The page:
as both someone who's jewish and someone who's american. because the civic pride of the city, which is now expressed in the sports teams, the steelers and penguins and so on. is something that everybody in the city participates in. and only a city of that size would feel that way. it's a diverse jewish community as has been said, there's orthodox walking around in their long black dress and hats. secular jews who go away to prep school. the pittsburgh jewish community, squirrel hill in particular, it has everyone from lower middle class people jews who work in gas stations and garages and are
waitresses in restaurants and take the bus. in the old days the trolley every day, to very wealthy captains of industry, who participate in the highest levels of corporate life in the city. and it was a great place to grow up, i have to say, my basic reaction is one of shock and disbelief, that in this sort of paradise that i grew up in and convinced me of the utter sure possibility that any jew could grow up to do anything in america, that this kind of thing would happen, than an anti-semitic attack like this, on a synagogue during a religious ceremony and on the sabbath for the mere fact that these people were jews is just, it shocks me beyond words.
you. >> you know, i said you're a native of pittsburgh. you're a prominent and respected writer, i've read your writings down through the years. we've had communities around the country where there have been clashes and rhetoric and some of us have had to say we went over the line with rhetoric, and i remember mrs. king and martin iii telling me, you have to be careful about what you say. we should all use this as data to look into ourselves. we saw charlottesville, we saw this outright mass murder. we saw charleston. are we normal liesing this? you take charleston and what happened today with tree of life. people go into a house of worship and kill people. where are we at and what do we need to do, howard? >> well, i'm just writing about that, trying to think it through
in my mind. i appreciate what you said, i've known you for a long time. you grew up on the streets, you're a tough customer. and i think you've learned over the years -- in my view, you've become a wonderful voice for peace and discord. we all need to grow up and acknowledge the humanity of everyone we're arguing with. the founders wanted us to argue. i wrote a book about this, they wanted us to have disputes. but they also at least put on paper the idea that all men are created equal, and endowed with certain unalienable rights. we're supposed to argue vehemently, that's good. that's how we make progress, but respect the humanity of others. at some route level. i think what's happened in this country, and i think frankly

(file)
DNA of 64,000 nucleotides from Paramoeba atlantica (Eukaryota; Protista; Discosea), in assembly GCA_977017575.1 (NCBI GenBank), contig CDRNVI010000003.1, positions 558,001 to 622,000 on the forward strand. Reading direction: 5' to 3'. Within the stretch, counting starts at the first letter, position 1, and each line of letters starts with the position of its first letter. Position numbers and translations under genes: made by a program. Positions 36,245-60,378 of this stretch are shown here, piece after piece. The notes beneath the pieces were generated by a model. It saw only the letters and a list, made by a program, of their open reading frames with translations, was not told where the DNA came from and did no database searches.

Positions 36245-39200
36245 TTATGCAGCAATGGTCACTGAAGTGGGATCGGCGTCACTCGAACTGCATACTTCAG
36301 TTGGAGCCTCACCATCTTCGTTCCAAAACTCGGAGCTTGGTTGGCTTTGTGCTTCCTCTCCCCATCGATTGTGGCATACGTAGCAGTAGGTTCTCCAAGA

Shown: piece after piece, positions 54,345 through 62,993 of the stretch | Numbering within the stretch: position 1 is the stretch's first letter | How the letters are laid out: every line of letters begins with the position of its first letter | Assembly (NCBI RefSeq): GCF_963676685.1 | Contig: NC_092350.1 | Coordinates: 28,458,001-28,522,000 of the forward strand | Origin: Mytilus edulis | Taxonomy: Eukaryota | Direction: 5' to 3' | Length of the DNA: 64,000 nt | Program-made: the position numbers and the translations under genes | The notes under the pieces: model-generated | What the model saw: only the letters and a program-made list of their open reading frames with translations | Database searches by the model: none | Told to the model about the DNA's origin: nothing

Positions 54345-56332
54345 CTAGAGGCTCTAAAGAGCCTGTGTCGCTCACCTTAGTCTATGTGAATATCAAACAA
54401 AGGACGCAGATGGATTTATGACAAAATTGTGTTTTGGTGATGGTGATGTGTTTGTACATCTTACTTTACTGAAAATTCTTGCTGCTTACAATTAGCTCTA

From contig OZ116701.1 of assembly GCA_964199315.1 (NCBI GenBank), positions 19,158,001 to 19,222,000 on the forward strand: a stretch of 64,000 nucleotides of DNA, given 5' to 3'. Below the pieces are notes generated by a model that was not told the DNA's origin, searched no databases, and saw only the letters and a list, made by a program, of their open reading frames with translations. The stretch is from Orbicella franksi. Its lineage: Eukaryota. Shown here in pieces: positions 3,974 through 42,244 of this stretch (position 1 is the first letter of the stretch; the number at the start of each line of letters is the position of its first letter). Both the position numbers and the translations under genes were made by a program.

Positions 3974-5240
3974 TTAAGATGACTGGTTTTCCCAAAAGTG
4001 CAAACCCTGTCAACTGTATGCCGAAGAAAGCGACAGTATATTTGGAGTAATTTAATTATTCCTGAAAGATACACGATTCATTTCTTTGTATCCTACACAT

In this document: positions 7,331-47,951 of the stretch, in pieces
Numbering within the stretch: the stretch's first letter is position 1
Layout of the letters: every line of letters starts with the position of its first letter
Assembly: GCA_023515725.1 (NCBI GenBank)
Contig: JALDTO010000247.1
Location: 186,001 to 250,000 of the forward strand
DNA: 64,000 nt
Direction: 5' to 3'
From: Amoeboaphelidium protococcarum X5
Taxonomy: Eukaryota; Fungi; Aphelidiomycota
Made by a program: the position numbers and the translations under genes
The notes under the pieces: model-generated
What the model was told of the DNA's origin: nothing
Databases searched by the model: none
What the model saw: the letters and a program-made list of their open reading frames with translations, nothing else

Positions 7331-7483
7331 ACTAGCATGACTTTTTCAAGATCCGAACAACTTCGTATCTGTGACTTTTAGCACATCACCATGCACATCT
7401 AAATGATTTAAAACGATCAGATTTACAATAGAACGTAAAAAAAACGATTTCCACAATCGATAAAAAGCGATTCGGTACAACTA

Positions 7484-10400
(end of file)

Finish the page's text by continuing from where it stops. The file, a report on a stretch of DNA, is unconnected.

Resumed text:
donald trump is a part of it, he's not the only reason for it, is that we've gotten into a period of arguing by denying the humanity of others. i think to some extent social media is to blame. i think the nature of our politics where we support the extremes and give money to the loudest voices has hurt. and i think donald trump has -- he has such a jungle based view. such a remorseless cynical view of politics as a cutthroat business where you can only win by cutting down others -- >> well, i -- >> i don't want to sound naive here, but that's the way it's gone. >> no, i understand, and as i said, there will be time for me to deal with what i think about donald trump. i think all of us, including me and everyone needs to reflect
and see where this can lead if we're not all more conscious of humanity as you sid, of all humanity. up next, more on the breaking news we're following out of pittsburgh. where 11 people were fatally shot at a synagogue, and the suspect has been identified. you're watching politics nation. . ♪ go. . take off to the big city. find fortune... romance... ...find freedom, just one touch away. ♪
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you're looking at murphysboro, illinois, where president trump will take the stage any minute. earlier today at a rally in indianapolis, the president addressed the shooting in pittsburgh. >> anti-semitism and the widespread persecution of jews represents one of the ugliest and darkest features of human history. the vial hate-filled poison of anti-semitism must be condemned and confronted everywhere and anywhere it appears. there must be no tolerance for anti-semitism in america or for any form of religious or racial hatred or prejudice. you know that. you know that very well. >> up next, more reaction from
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there was an armed guard inside the temple, they would have been able to stop him. >> as we wait for the president to take the stage in illinois, i want to hear from the faith community about today's tragedy at the tree of life synagogue in pittsburgh. joining me now is joe watkins, pastor of the christ evangelical luther an church in philadelphia and rabbi debra waxman, president of the reconstructionist rabbinical college. i spent the afternoon saying we march together on criminal justice and others. tell me as one that is a leader in the faith what this says to you. we're a little over year after charlottesville. we're here now with the largest mass murder of jewish americans